Send to

Choose Destination
Nat Rev Mol Cell Biol. 2011 Jan;12(1):48-59. doi: 10.1038/nrm3027. Epub 2010 Dec 8.

Common ground for protein translocation: access control for mitochondria and chloroplasts.

Author information

Goethe University, Cluster of Excellence Macromolecular Complexes, Centre of Membrane Proteomics, Department of Biosciences, Molecular Cell Biology of Plants, Max-von-Laue Str. 9, D-60438 Frankfurt, Germany.


Mitochondria and chloroplasts import the vast majority of their proteins across two membranes, and use translocases of the outer membrane as an entry gate. These translocases interact with the incoming precursor protein and guiding chaperone factors. Within the translocon, precursor-protein receptors dock to a central component that mediates both transfer through a cation-selective channel and initial sorting towards internal subcompartments. Despite these similarities, the mode of translocation differs between the two organelles: in chloroplasts, GTP-binding and hydrolysis by the receptors is required for transport, whereas in mitochondria passage of the preprotein is driven by its increasing affinity for the translocase subunits.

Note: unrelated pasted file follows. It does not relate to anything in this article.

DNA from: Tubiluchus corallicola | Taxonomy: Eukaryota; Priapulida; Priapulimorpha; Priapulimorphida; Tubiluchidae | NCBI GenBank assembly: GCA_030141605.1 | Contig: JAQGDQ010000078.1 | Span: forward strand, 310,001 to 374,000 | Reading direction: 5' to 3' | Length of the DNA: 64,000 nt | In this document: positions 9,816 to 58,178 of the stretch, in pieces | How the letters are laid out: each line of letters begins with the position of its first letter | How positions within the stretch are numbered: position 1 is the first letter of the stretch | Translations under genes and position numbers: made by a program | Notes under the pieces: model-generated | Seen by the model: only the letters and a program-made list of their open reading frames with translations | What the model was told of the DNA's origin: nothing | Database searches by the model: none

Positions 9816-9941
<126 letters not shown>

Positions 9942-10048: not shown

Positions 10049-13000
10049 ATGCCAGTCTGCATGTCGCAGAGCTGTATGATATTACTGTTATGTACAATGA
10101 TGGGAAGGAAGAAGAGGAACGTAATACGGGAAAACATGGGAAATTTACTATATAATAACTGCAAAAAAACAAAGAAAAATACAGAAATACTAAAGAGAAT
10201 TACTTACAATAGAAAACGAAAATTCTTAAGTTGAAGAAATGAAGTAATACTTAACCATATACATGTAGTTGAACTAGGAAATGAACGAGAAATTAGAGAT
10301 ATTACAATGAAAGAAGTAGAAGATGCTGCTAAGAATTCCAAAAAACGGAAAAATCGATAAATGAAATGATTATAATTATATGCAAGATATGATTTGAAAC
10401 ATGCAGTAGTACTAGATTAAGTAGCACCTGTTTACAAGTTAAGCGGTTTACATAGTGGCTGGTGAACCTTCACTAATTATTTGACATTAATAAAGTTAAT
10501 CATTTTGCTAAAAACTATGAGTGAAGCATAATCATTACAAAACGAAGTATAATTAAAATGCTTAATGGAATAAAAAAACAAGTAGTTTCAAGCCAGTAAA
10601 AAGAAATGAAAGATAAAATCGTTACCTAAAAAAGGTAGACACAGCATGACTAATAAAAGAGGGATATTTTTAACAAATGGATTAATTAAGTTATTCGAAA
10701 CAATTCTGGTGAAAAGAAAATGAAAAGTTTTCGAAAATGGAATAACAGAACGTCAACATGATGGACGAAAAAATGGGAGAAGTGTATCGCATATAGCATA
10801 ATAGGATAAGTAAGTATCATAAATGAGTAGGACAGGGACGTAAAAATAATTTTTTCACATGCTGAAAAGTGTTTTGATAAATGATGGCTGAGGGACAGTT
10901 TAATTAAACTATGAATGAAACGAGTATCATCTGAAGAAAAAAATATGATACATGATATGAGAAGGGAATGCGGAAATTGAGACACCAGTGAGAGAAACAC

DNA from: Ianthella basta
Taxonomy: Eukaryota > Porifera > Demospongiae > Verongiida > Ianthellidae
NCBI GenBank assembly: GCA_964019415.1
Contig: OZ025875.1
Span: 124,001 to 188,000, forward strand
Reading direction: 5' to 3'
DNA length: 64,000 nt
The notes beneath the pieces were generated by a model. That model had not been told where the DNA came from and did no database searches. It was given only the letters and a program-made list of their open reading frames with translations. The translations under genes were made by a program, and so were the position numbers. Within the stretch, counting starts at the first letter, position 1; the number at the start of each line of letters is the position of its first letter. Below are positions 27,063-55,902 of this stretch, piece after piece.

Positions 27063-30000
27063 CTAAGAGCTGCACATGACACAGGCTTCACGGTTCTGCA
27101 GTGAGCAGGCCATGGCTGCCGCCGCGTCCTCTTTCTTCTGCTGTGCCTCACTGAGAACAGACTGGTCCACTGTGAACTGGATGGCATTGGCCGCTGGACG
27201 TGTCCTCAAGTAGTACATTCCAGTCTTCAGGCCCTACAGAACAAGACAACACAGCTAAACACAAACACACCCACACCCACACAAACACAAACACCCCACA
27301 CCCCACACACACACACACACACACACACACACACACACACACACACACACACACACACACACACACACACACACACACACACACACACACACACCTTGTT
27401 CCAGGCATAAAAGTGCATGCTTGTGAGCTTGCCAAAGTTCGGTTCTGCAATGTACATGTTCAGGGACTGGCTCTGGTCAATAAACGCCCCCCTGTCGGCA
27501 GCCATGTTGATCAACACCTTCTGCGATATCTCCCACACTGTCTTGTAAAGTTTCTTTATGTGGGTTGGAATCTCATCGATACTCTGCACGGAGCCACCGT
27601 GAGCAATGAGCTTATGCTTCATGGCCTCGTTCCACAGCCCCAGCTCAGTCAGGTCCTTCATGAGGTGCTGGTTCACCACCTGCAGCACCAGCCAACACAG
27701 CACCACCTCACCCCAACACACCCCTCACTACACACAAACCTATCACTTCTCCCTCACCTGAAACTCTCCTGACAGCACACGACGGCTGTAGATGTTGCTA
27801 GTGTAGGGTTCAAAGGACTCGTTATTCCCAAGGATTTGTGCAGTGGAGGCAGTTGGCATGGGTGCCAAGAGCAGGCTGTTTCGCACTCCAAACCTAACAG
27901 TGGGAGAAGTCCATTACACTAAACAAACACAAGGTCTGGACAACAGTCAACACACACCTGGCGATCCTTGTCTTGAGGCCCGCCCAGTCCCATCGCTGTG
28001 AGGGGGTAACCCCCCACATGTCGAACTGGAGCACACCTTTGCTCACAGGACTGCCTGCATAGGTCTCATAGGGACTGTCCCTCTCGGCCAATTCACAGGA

[Indexed for MEDLINE]

Supplemental Content

Full text links

Icon for Nature Publishing Group
Loading ...
Support Center